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Yankees' Rachel Balkovec: 'I want to be a visible idea for young women'

Rachel Balkovec worked a minor-league hitting instructor for

Rachel Balkovec worked a minor-league hitting instructor for the Yankees in 2020 and 2021. Credit: New York Yankees

There was a dark moment in the winter of 2012 after Rachel Balkovec nearly landed a full-time job in minor-league baseball. She had interviewed well and was told she would be hired the next day before not hearing anything again. As she looked for answers in the weeks that followed, she learned the truth: Those in upper management didn’t want a woman, and the other minor-league affiliates looking to fill positions at the time didn’t, either.

So at the behest of her sister, she changed the name on her stacked resume to "Rae" and watched as the interested emails rolled in. It worked until it didn’t: She eventually had to get on the phone, and her voice revealed that she wasn’t the man the decision-makers assumed she was.

It’s been a long time since then — and the experiment with the name change was short-lived — but on Wednesday, when Balkovec was announced as the new manager of the Tampa Tarpons, the Yankees' low Class A affiliate, that period of time was sharp in her memory.

As the first woman to manage an MLB-affiliated baseball team, she well understands the responsibility that comes with the term "trailblazer." What once seemed like an impossibility has become a legitimate avenue for other women in baseball.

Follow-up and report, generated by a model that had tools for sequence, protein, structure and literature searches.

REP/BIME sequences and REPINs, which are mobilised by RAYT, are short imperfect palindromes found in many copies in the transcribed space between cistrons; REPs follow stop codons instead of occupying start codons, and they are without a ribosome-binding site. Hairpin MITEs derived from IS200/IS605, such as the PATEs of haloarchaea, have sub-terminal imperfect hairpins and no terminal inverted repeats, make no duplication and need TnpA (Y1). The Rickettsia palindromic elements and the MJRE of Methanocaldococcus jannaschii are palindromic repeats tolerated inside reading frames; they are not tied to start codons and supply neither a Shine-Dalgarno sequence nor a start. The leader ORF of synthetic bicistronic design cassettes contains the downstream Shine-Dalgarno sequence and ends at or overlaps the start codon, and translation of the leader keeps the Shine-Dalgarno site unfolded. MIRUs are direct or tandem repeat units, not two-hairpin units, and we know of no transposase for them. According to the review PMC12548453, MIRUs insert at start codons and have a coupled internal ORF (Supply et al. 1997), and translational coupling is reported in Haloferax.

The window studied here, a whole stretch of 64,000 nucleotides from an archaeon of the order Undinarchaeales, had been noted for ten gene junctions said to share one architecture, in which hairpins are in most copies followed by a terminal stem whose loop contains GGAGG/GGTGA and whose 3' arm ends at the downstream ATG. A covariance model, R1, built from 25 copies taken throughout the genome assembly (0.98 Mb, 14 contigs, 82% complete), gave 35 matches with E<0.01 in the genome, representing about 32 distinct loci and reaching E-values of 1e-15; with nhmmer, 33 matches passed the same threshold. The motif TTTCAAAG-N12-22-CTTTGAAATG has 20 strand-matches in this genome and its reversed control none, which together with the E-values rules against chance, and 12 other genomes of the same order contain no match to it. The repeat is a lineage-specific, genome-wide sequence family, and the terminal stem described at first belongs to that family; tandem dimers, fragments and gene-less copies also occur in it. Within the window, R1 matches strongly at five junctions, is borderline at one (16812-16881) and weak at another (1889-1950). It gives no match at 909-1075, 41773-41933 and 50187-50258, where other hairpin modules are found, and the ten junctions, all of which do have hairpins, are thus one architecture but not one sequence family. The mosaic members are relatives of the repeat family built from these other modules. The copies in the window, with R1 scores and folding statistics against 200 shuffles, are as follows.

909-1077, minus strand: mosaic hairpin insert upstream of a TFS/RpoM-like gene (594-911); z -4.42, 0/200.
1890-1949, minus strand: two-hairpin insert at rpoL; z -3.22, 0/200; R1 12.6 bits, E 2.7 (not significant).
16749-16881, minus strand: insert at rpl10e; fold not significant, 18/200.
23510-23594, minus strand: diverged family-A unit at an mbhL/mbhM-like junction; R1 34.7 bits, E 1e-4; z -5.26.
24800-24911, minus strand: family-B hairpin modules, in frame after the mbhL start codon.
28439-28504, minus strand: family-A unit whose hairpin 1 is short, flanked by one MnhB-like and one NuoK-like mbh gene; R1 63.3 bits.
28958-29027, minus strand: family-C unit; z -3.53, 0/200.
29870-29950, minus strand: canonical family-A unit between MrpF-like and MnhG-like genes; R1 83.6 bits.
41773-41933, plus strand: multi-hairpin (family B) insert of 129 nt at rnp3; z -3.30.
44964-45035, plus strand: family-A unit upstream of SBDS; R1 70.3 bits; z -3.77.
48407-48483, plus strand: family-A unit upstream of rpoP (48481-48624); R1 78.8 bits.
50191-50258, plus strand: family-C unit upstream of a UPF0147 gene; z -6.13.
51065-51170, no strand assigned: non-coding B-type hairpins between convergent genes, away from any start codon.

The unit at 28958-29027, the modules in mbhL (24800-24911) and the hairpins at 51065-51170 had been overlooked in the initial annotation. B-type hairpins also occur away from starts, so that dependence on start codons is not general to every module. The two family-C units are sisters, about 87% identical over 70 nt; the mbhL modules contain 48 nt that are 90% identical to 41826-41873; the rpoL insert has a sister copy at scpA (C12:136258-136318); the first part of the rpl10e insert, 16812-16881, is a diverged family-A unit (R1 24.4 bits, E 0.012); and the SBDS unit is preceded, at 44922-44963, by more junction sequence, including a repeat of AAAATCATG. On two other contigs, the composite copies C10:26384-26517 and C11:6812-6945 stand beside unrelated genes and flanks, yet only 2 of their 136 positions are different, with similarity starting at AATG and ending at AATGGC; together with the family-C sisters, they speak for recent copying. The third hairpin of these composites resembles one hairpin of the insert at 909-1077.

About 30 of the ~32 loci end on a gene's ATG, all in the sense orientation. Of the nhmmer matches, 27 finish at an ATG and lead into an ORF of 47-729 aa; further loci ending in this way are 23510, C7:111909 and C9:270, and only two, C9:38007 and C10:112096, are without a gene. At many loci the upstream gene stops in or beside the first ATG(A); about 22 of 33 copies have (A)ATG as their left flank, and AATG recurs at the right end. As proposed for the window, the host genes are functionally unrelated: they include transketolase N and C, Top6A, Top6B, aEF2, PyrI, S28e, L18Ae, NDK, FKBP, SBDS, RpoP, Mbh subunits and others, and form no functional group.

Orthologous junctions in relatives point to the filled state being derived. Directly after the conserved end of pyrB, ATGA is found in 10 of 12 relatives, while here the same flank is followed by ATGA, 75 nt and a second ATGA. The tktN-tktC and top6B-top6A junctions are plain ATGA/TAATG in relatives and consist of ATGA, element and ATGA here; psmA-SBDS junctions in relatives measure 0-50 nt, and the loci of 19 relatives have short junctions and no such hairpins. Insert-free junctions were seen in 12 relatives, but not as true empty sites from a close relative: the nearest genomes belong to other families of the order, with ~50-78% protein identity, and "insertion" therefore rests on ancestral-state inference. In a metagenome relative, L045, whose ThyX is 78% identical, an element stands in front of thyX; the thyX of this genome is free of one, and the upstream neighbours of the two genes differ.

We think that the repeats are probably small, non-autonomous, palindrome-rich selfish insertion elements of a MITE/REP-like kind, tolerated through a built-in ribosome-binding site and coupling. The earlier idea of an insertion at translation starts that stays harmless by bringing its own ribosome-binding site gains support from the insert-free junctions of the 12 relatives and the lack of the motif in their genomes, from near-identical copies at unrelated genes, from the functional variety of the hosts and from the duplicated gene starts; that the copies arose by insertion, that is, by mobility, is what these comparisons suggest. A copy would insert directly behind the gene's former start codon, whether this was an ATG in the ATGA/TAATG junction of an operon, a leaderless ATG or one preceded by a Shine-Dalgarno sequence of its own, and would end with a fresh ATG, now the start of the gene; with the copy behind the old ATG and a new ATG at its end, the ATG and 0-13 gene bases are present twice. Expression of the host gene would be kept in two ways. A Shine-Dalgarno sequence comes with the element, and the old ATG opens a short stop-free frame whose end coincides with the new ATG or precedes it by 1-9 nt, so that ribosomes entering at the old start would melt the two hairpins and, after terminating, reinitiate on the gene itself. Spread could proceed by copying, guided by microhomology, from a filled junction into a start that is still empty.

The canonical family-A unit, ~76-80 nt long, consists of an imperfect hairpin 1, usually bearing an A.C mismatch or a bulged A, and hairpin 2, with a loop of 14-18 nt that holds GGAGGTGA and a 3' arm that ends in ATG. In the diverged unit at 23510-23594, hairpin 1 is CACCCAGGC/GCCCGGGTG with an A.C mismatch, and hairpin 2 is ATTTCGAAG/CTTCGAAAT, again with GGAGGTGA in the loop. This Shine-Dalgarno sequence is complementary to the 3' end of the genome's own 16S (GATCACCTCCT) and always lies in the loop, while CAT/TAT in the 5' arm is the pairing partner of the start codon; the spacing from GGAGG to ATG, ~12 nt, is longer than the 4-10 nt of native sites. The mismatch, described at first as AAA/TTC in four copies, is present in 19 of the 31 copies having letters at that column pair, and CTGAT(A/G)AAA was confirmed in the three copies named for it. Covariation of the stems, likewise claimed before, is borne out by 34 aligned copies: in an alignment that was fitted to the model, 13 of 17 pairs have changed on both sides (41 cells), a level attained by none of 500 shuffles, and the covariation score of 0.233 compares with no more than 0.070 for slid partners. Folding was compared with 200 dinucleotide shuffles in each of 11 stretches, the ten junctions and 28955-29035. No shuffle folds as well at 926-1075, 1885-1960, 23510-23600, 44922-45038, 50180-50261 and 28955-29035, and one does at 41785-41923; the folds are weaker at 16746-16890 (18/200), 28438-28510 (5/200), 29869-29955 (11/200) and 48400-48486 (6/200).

"I don’t think you sign your name on the dotted line to do something like this and then say, well, I don’t want to be a role model. I just don’t subscribe to that," she said in her introductory news conference. "I want to be a visible idea for young women. I want to be a visible idea for dads that have daughters. I want to be out there. I have two jobs and that’s fine . . . It’s something that I take seriously. It’s something I’m really passionate about and I know the impact."

Balkovec, 34, originally from Nebraska, was hired by the Yankees to be a minor-league hitting coach in 2019. Before that, she worked in the Cardinals' and Astros' organizations as a strength and conditioning coach and coordinator. She’s believed to be the first female hitting coach in professional baseball and, with the Cardinals, was named the Appalachian League’s strength coach of the year.

The former Division I softball catcher has masters' degrees in kinesiology and biomechanics and says she uses both to help her players maximize their talents.

Balkovec describes herself as a coach who’s direct about her standards, honest and upfront, who cares about her players on a personal level. She’s nearly fluent in Spanish, a language she picked up so she could communicate with Latino athletes.

"There wasn’t a ton of debate as to whether baseball was ready or the world was ready," said Kevin Reese, recently promoted to the position of Yankees vice president of player development. "It was just, we’re trying to find the best people and put them in their best positions to have a huge impact here. That was the only question we really asked."

Reese called the decision a no-brainer, and he met no resistance from Yankees general manager Brian Cashman.